160 Hindu pilgrims arrive
By Shahnawaz Khan
LAHORE: About 160 Indian Hindu pilgrims arrived here on Wednesday through Wagah to celebrate the three-day Maha Shivaratri festival at the Katas Raj Mandir in Chakwal.
The pilgrims, led by Surindar Kumar Billa and Professor Krishan Chand, were welcomed at Wagah by Izhar-ul-Hassan, additional secretary to the Evacuee Trust Property Board (ETPB), and Faraz Hassan, ETPB deputy administrator.
The pilgrims left for Chakwal soon after arriving. ETPB Chairman Naeem Akbar Khan has directed security officials to make sure they have a safe trip.
Maha Shivaratri means the ‘night of Shiva’, one of the Hindu trinity consisting of Brahma, the creator, Vishnu, the preserver and Shiva, the destroyer and reproducer of life. Many Hindus see Shiva as a personal god given to compassion for his worshippers and the dispenser of both spiritual and material blessings.
There are three reasons Shivaratri is celebrated. First, it is the night that, according to Hindu legend, the absolute formless God, Sadashiv, appeared exactly at midnight. Second, it is the night that Shiva married Parvati, and is a symbol of the meeting of human souls with the Almighty. Third, it is believed that on this night, Shiva swallowed a deadly poison that could have destroyed the world had even a drop of it reached his belly, which represents the universe. The god kept the poison in his neck, and Shivaratri is a night of thanksgiving to the god for protecting the world.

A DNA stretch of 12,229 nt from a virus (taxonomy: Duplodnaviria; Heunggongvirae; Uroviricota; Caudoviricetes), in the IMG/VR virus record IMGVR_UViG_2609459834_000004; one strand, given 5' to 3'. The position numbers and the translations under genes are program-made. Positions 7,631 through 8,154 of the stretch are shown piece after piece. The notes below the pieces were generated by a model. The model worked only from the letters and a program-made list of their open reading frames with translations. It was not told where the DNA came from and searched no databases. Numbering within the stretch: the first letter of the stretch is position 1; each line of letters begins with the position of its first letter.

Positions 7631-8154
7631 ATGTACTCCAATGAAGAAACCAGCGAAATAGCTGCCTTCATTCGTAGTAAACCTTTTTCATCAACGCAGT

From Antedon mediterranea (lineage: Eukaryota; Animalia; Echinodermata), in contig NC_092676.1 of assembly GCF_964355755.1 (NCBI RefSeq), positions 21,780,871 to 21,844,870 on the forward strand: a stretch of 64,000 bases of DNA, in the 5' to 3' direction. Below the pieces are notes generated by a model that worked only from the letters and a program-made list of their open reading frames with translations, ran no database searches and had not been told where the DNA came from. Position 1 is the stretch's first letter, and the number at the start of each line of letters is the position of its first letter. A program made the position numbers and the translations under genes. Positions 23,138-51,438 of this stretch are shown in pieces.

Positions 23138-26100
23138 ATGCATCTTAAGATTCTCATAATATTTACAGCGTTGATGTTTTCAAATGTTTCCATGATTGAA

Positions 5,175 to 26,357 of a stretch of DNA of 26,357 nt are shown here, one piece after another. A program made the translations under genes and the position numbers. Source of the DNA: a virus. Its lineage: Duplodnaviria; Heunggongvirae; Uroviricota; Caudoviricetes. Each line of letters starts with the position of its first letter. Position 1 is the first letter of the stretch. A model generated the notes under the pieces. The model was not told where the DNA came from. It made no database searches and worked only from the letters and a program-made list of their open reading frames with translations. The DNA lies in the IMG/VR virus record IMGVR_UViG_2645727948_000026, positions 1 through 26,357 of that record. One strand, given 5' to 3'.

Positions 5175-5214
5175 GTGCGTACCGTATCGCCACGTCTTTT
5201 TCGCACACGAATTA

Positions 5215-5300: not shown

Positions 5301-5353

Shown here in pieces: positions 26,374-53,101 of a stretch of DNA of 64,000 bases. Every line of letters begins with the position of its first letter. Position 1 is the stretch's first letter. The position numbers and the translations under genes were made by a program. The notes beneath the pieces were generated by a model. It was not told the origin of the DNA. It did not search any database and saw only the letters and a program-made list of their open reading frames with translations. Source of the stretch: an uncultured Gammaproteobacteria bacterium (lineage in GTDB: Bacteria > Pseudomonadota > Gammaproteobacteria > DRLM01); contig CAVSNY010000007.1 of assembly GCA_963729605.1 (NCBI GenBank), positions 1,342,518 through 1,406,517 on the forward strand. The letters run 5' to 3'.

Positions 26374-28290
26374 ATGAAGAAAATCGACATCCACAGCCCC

The day of Shivaratri is marked by a strict fast, some devotees not even drinking water and keeping a vigil all night. Shiva is worshipped throughout the night with chants of ‘Om Namah Shivaya’. According to legend, he who utters the names of Shiva during Shivratri with perfect devotion and concentration is freed from all sins.
All Pakistan Minorities Association President Dr Heera Lal Lohano told Daily Times that Maha Shivratri is a big event in interior Sindh where most Pakistani Hindus live. In Sindh, the festival began on Monday in Shiv Mandir at Clifton, Karachi, and ends Wednesday night.
All Pakistan Balmik Association General Secretary Dr Munawar Chand was happy to see Hindu pilgrims come to Pakistan. “We welcome our Indian brothers with wide arms to our country. I am hopeful that the exchange of such delegations will have a fruitful result,” Mr Chand said.